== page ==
The build script fetches files out of Subversion using WebDAV at http://bccd-ng.cluster.earlham/svn/bccd-ng/branch-name, where branch-name would be trunch or branches/livecd-devel. You can supply an alternative WebDAV URL with --websvn.

Editing the splash screen

See the isolinux instructions for changing a boot screen: http://www.sweb.cz/Frantisek.Rysanek/splash/isolinux-splash-HOWTO.html

Kernel updates

See Kernel updates.

Rebuilds

You can make rebuilds faster by bypassing Subversion commits and just rebuilding the squashfs and KNOPPIX ISO images. To do this, do one full build with --nocleanup at the end, which will preserve the build directory in /tmp. Take a note of the directory that the script uses. Make your changes in the temporary directory (like $TMPDIR/build-bccd, or $TMPDIR/KNOPPIX). Then run

  rm -f $TMPDIR/KNOPPIX/KNOPPIX/KNOPPIX \
     && mksquashfs $TMPDIR/build-bccd $TMPDIR/KNOPPIX/KNOPPIX/KNOPPIX -comp xz \
     && genisoimage -pad -l -r -J -v -V BCCD-NG \ 
        -no-emul-boot -boot-load-size 4 -boot-info-table -b boot/isolinux/isolinux.bin \
        -c boot/isolinux/boot.cat -hide-rr-moved -o $OUTISO $TMPDIR/KNOPPIX

Environment management

As mentioned in the user manual, the BCCD uses Modules to manage a user's environment (variables, aliases, etc.). This provides a Tcl-based framework to manage a user's environment as software packages are added and deleted. Every package installed in /bccd/software should get a module directory in /usr/local/etc/modules, with every version of the package as a separate file in the directory. Every module file is a Tcl script invoked by the modules command. For example, OpenMPI version 1.4.0 has this file in /usr/local/etc/modules/openmpi/1.4.0 (source):

#%Module1.0#####################################################################

prereq          modules
conflict	lam
conflict	mpich2
set             MOD_OPENMPI              $env(BCCD_SW)/openmpi
set      MOD_OPENMPI_VERSION      1.4.0
set      MOD_OPENMPI_DIR          $MOD_OPENMPI-$MOD_OPENMPI_VERSION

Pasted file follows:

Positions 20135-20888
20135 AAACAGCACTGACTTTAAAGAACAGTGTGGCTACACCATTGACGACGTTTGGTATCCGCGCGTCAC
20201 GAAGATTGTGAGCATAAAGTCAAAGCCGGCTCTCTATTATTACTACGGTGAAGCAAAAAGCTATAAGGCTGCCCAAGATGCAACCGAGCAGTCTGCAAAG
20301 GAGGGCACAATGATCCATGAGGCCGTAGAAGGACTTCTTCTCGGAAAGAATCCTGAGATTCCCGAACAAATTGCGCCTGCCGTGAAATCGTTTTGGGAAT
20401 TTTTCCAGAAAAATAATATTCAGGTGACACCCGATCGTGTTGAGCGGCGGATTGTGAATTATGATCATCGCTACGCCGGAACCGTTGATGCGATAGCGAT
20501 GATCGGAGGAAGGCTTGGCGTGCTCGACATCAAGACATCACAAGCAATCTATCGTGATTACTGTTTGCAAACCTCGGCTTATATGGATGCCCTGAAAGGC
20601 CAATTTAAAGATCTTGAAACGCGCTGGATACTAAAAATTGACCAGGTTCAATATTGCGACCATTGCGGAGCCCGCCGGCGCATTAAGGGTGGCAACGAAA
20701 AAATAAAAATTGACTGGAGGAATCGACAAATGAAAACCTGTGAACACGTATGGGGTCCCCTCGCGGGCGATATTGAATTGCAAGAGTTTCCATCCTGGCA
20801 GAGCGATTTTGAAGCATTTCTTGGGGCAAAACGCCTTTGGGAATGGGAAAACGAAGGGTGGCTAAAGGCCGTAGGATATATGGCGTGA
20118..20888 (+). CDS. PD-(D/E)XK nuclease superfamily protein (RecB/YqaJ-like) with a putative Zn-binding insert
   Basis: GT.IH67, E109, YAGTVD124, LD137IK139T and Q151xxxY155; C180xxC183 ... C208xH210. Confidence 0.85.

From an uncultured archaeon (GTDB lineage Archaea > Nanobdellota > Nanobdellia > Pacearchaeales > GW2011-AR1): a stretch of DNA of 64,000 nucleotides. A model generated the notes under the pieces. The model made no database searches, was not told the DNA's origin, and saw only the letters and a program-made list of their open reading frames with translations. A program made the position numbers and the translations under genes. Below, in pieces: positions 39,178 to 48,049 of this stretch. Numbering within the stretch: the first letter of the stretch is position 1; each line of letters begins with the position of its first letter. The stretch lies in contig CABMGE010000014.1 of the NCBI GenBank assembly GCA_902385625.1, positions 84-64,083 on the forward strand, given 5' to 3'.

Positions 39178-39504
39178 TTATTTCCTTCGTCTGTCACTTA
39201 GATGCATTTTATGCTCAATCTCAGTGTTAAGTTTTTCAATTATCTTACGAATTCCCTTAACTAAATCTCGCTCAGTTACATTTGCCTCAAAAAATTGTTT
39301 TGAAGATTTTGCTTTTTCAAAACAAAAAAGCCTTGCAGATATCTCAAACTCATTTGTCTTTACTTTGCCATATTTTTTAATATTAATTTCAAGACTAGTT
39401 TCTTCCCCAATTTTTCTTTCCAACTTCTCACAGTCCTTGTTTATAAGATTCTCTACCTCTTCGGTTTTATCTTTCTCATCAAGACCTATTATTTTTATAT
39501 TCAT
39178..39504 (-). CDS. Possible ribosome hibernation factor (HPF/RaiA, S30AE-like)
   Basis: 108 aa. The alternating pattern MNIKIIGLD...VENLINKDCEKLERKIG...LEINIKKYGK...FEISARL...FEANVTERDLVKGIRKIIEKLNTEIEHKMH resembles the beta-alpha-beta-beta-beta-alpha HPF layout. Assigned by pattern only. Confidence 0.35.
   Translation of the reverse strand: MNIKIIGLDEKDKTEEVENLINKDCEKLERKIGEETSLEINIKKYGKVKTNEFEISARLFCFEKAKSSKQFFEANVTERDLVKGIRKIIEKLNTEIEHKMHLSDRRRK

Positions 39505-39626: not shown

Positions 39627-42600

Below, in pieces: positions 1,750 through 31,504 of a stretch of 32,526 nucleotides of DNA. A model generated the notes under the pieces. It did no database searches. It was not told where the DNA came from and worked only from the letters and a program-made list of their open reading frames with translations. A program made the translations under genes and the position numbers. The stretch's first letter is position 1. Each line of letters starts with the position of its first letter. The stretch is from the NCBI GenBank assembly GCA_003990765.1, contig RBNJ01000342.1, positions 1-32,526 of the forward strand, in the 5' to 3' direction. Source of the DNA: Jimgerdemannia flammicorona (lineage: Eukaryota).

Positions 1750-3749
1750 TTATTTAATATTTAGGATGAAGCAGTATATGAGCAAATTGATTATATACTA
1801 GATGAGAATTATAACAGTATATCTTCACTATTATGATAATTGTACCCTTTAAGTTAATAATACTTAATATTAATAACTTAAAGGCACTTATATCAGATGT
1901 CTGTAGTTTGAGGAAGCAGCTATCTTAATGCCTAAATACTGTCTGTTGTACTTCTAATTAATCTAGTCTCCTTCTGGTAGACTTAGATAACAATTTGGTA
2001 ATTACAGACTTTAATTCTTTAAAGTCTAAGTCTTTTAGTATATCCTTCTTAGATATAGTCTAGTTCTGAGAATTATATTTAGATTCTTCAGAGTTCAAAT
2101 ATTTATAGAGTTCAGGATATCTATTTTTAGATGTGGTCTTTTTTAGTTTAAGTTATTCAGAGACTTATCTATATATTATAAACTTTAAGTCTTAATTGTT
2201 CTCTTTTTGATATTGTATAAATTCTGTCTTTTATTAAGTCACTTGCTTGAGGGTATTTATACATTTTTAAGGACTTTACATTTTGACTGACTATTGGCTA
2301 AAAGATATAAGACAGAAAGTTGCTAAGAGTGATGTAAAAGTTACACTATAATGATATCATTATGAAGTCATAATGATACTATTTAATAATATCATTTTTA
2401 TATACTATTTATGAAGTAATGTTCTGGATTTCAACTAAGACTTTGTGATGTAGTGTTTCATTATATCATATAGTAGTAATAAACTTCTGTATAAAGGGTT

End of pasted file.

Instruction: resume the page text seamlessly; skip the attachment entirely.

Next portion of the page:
module-whatis "OPENMPI"

prepend-path    PATH                $MOD_OPENMPI_DIR/bin/
prepend-path    LD_LIBRARY_PATH     $MOD_OPENMPI_DIR/lib/
prepend-path    MANPATH             $MOD_OPENMPI_DIR/share/man/
prepend-path    -d " " LDFLAGS      -L$MOD_OPENMPI_DIR/lib/
prepend-path    -d " " CPPFLAGS     -I$MOD_OPENMPI_DIR/include/

if { [catch { exec /bin/bccd-snarfhosts $env(HOME)/machines openmpi} msg] } {
	puts "bccd-snarfhosts failed: $::errorInfo"
}

These module files should be placed in trees/usr/local/etc/modules/software-name/version, which is part of the MODULEPATH search path. module load will load the lexigraphically last software version by default, but you can override this behavior by symlinking the version you want to be default to default.

USB automounting

The BCCD uses udev to detect when USB storage devices are plugged in, and mounts them automatically. The udev setup is in [1], and the script that the rule file calls is in [2].

SNMP

BCCD uses SNMP to gather information from other BCCD nodes. Its unique IANA private enterprise number is 40551.

Licensing & copyright

SVN properties

Todo - Document how to do this in ~/.subversion/config

In every file

Put this at the top of every file, in whatever comment blocks make sense:

  $Id$
  
  This file is part of BCCD, an open-source live CD for computational science
  education.
  
  Copyright (C) 2010 Andrew Fitz Gibbon, Sam Leeman-Munk, Charlie Peck,
     Skylar Thompson, & Aaron Weeden
  
  This program is free software: you can redistribute it and/or modify
  it under the terms of the GNU General Public License as published by
  the Free Software Foundation, either version 3 of the License, or
  (at your option) any later version.
  
  This program is distributed in the hope that it will be useful,
  but WITHOUT ANY WARRANTY; without even the implied warranty of
  MERCHANTABILITY or FITNESS FOR A PARTICULAR PURPOSE.  See the
  GNU General Public License for more details.
  
  You should have received a copy of the GNU General Public License
  along with this program.  If not, see <http://www.gnu.org/licenses/>.